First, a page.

A year later, little has changed for him, he told The Globe Post. “I am trying to find a job, but even in my own town, it is difficult…I have medical issues as my lungs are partially damaged, and I cannot walk for long because my knees hurt a lot…Who will give me a job?” he asks.
Filing a case against authorities for compensation was the last thing on Gangawali’s mind, however.
“Why will they pay me compensation when they wanted me dead? And who will file a case for me? I have no money, and I cannot imagine going to courts again. If they wanted to treat me fairly, they would have treated the case with utmost seriousness instead of dragging it for years,” he said.
The story of Yahya Kammukutty developed in different circumstances but nevertheless showed a familiar pattern. A software engineer hailing from Kerala, he was arrested in 2008 in Bangalore, India’s IT capital, and accused of organizing terror camps in Karnataka and Kerala.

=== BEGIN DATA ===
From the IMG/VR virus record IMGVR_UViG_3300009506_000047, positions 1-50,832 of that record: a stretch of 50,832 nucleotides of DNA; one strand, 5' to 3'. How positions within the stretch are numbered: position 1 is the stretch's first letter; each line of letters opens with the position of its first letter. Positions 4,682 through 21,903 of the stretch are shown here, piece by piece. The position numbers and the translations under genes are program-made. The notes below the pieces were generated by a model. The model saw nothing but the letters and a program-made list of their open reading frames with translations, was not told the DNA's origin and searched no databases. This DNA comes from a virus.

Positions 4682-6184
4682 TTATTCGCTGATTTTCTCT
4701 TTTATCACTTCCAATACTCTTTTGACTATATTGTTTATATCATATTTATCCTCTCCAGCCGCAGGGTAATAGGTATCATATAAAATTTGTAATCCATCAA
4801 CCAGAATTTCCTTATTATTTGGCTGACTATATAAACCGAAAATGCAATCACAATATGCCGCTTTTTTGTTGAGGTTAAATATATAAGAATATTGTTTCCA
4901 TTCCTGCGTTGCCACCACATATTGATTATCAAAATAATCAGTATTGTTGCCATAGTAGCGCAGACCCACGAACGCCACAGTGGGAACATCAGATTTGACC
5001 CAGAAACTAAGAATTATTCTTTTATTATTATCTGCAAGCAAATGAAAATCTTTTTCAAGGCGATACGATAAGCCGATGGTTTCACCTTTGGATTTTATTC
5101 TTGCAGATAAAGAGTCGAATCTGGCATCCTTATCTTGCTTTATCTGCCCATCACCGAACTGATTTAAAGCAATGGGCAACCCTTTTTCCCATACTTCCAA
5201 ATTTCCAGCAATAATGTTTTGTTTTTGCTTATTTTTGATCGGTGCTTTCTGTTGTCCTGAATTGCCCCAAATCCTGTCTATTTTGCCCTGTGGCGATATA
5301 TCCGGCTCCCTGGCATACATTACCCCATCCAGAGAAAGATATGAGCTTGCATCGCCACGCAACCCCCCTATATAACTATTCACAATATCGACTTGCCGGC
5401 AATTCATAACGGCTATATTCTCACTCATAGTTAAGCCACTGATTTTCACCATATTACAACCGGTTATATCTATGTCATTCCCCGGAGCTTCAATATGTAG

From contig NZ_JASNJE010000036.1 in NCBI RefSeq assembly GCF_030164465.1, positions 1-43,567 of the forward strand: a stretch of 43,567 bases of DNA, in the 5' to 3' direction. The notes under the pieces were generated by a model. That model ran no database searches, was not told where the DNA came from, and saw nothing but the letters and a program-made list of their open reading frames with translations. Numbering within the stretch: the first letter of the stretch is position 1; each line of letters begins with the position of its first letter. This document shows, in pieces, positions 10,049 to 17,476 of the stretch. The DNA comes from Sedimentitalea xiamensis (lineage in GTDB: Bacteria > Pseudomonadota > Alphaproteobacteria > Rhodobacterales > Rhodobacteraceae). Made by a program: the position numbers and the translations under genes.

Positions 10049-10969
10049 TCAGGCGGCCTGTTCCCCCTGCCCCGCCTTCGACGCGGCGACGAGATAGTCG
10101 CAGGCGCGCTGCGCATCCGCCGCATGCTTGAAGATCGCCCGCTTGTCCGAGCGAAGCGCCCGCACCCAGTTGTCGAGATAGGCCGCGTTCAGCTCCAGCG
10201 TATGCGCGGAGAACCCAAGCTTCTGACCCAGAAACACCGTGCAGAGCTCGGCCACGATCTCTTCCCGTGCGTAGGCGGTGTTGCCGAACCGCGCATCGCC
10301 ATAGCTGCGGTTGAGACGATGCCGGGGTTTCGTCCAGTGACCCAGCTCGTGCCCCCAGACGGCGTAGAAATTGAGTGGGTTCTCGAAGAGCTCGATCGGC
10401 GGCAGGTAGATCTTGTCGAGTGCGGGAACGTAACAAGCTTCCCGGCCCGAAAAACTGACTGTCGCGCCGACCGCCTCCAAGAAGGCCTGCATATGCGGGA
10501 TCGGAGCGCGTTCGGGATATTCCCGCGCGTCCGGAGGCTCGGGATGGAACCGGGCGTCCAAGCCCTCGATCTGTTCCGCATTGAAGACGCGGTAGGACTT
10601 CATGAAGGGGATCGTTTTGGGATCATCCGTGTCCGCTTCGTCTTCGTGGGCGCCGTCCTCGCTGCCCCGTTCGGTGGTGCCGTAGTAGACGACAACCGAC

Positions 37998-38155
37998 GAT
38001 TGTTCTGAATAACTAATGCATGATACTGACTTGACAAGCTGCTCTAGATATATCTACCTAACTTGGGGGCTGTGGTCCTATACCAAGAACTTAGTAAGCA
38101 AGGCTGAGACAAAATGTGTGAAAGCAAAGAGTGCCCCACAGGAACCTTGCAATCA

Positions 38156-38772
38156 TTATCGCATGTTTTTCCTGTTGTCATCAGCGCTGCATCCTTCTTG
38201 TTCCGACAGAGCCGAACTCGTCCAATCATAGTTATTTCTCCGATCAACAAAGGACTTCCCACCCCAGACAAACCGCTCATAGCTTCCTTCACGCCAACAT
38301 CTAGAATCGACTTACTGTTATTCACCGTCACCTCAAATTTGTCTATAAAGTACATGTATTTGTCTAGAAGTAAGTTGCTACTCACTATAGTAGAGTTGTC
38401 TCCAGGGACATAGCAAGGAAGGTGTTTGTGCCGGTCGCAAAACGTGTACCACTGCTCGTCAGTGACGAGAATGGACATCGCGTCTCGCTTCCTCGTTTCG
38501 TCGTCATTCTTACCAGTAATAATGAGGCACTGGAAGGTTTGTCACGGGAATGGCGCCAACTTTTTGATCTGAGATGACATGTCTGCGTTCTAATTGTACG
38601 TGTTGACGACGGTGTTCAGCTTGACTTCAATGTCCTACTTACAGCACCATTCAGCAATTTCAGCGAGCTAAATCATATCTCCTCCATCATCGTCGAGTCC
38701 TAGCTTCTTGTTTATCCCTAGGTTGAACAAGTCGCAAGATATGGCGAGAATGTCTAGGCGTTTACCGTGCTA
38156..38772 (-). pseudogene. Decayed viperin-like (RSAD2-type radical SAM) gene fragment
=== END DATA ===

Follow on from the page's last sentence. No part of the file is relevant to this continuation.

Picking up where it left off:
Seven and a half years later, he was released after the persecution could not prove any charges against him. After earning a handsome salary as an engineer, he was reduced to being a penniless man as he lost all his savings in fighting his cases.
By the time he came out of jail in 2015, almost all his professional knowledge had become obsolete. Today, after nearly three years, he has finally managed to set up a small venture back in his hometown in Kerala. Compensation, he says, is not something that he can “afford” to consider.
“You cannot ask for compensation from people who wish to persecute you for your identity,” Kammukutty said.